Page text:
Entertainment Celebrity
  • Facebook
    Facebook
  • Twitter
    Twitter
  • Pinterest
    Pinterest
  • +
  • Linkedin
    Linkedin
  • WhatsApp
    WhatsApp
  • Email
    Email
SHARE THIS
  • Facebook
    Facebook
  • Twitter
    Twitter
  • Pinterest
    Pinterest
  • Linkedin
    Linkedin
  • WhatsApp
    WhatsApp
  • Email
    Email

If you’ve been on the interwebs this week, you may have come across a little ventriloquist dummy of Timothée Chalamet that has been described as “a thing of nightmares” and “cursed.” Well, the artist behind the creation spoke out and honestly, please leave him alone because he’s just a Timmy stan like the rest of us trying to put wholesome art out into the world.

Chris Alan spoke to Vulture about the doll, the harness, the backlash, the exorbitant price tag ($122,795 because Timmy’s birthday is December 27, 1995) and his undying love for Timothée Chalamet. This man learned how to sew for Timothée Chalamet! Would YOU learn how to sew for Timothée Chalamet? Didn’t think so.

Chris explained that the doll was born from a shared love for Timothée with his neighbour. When she moved to New Zealand, he wanted to make her a doll as a gift, but it took him a little longer than expected—September to June, to be exact.

“We had this mutual thing for him; we both thought he was amazing, so talented. I’d done other celebrities in the past, and I said I should do a little Timmy—we call him Timmy,” Alan said.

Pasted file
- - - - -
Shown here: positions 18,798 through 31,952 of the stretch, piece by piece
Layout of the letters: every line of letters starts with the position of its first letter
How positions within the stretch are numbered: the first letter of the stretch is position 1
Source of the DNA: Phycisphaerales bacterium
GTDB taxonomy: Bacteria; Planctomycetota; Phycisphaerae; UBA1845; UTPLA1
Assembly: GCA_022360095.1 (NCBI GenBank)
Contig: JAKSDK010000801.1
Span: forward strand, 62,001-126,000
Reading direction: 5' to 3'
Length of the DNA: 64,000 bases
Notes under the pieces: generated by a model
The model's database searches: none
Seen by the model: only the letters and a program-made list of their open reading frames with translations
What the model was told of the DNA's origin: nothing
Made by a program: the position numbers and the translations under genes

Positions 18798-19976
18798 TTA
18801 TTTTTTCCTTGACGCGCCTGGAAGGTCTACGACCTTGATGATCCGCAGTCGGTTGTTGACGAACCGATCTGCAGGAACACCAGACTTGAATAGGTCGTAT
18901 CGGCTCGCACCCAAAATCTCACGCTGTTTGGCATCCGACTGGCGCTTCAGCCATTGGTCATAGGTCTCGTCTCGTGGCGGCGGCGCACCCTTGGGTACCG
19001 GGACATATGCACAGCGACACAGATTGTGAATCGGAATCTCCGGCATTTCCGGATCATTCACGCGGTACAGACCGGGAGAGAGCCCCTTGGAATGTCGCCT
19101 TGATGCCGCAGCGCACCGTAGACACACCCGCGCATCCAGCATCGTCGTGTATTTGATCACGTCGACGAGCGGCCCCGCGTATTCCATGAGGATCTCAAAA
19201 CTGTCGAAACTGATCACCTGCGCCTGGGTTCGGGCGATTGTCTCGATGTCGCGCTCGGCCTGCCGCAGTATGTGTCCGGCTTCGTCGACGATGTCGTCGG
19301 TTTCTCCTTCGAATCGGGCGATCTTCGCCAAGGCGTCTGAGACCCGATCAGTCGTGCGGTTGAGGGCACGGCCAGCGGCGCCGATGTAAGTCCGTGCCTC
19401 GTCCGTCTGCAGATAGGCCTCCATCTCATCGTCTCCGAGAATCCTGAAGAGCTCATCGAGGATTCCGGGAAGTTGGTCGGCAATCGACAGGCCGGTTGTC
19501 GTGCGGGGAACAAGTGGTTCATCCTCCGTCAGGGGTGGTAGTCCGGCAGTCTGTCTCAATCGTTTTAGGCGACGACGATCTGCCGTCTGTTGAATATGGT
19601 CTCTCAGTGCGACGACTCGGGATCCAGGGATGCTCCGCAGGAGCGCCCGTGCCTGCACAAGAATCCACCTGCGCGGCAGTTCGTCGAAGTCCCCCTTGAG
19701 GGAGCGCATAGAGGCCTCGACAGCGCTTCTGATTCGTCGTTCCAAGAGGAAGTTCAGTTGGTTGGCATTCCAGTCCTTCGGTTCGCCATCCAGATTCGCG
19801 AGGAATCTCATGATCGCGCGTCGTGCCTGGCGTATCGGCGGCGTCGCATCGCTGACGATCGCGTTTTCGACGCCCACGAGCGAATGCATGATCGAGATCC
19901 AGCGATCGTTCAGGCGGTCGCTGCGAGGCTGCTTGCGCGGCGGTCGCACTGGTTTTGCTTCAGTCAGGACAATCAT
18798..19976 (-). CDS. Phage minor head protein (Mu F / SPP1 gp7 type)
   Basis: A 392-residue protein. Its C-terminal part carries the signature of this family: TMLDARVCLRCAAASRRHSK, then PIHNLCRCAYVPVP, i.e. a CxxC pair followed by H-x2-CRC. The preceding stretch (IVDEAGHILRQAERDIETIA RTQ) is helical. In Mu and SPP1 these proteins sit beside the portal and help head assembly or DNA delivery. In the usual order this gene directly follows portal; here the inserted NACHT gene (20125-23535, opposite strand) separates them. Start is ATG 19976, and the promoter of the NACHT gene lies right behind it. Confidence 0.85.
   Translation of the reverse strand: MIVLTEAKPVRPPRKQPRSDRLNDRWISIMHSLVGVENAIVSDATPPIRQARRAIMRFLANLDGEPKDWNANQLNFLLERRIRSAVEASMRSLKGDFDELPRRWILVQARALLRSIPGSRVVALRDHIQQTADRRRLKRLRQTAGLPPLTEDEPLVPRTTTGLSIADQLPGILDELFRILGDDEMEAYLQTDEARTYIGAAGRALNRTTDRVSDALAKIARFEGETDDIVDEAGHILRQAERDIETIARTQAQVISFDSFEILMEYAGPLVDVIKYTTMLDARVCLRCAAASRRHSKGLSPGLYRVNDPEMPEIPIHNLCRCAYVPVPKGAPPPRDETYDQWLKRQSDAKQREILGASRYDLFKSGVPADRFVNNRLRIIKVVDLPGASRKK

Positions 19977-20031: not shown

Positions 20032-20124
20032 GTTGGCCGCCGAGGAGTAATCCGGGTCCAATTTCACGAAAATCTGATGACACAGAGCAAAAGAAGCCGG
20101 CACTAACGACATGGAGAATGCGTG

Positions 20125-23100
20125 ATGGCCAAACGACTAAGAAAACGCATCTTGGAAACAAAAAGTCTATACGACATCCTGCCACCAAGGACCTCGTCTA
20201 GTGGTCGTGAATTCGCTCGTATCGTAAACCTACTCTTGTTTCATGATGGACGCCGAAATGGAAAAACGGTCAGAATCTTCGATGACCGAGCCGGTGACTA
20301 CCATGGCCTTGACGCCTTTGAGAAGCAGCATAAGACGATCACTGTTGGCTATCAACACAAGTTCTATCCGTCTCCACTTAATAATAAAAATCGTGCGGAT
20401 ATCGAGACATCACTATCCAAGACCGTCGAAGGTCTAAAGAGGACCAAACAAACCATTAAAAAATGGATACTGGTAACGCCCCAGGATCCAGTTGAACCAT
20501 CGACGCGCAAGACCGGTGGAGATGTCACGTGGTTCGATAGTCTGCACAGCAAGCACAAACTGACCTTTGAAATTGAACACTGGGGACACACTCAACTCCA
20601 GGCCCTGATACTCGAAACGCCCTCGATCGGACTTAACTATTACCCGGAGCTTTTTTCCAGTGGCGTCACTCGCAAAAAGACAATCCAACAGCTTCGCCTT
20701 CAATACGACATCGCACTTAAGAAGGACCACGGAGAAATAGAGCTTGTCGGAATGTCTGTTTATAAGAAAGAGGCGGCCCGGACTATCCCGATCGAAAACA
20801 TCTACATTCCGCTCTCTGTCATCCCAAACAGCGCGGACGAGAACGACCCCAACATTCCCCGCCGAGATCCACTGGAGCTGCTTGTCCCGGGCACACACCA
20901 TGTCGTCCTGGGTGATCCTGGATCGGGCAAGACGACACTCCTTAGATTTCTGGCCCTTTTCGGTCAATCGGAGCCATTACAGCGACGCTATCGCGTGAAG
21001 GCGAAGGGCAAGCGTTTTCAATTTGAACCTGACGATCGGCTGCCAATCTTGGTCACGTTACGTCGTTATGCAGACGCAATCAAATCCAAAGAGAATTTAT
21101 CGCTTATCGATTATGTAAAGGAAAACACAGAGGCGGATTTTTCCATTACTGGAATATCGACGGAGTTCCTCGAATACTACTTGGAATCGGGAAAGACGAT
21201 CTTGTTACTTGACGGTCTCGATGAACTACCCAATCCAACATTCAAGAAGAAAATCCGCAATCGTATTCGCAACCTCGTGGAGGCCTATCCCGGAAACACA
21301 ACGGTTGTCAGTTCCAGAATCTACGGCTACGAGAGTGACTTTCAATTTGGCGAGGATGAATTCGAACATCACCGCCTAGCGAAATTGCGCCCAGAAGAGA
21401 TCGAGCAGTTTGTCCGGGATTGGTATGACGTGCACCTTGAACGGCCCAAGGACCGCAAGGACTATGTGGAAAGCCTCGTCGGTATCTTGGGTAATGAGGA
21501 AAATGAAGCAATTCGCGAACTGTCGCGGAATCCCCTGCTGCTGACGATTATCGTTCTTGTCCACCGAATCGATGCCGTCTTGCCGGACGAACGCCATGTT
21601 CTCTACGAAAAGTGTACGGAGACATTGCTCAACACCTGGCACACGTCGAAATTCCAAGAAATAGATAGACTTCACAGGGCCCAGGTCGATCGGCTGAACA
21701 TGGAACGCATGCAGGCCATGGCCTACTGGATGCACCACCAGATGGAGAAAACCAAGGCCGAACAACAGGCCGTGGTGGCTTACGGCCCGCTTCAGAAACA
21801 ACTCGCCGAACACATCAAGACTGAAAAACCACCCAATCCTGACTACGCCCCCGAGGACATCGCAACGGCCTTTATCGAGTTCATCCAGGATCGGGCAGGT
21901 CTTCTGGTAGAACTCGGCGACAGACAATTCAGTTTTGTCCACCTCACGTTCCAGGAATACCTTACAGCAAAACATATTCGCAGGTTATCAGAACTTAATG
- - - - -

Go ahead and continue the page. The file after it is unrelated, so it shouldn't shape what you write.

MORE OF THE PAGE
He talked through the doll-making process in detail (it’s so many steps!) and the especially difficult work of making the outfit, including the Golden Globes harness that launched a thousand memes. Alan said since he doesn’t really know how to sew (*Tim Gunn gasp*), he watched hours of Project Runway for encouragement.

“The outfit was kind of a nightmare… I basically played Project Runway on a loop in the background as I was doing it, to keep me going and inspire me: You can do this! You can do this crazy outfit, you’ll be fine!” he said. “The harness, we’d seen it on the runway, but on the carpet we hadn’t seen anything like that. I loooove red carpets. I’m a typical gay man; I’m all over the awards shows.”

As far as the haters are concerned, Alan was a little shocked by the vitriol and wanted to point out that the dummy is meant to be more of a caricature than a perfect replica (but seriously, the side-by-sides look pretty good to us).

“It’s not necessarily supposed to be a perfect likeness. It’s not a portrait, per se, it’s more of a caricature. It’s meant to be fun. Things are exaggerated!” he said. “His jawline is clearly not as pronounced as I made it… You accentuate those things in a caricature. Yes, I want it to be recognizable, but for people to be so nasty — that’s what I wasn’t really expecting.”

He added that it’s unusual for his dolls to get such negative feedback (after all, he made ones for Kelly Ripa and Anderson Cooper).

“I’m a kind of quiet person, believe it or not, and I’m so used to my friends and acquaintances seeing these [dummies] and understanding where I’m coming from,” Alan said. “I don’t go out and perform or anything. I’ve just always thought the art form of the dummies themselves was really neat.”

But yes, he gets it’s creepy.

“As far as the creepy factor, I completely get it. I embrace that,” he said.

So it may be creepy and it may not look exactly like Timothée but  Chris Alan put months into creating this masterpiece of craftsmanship and that demands respect.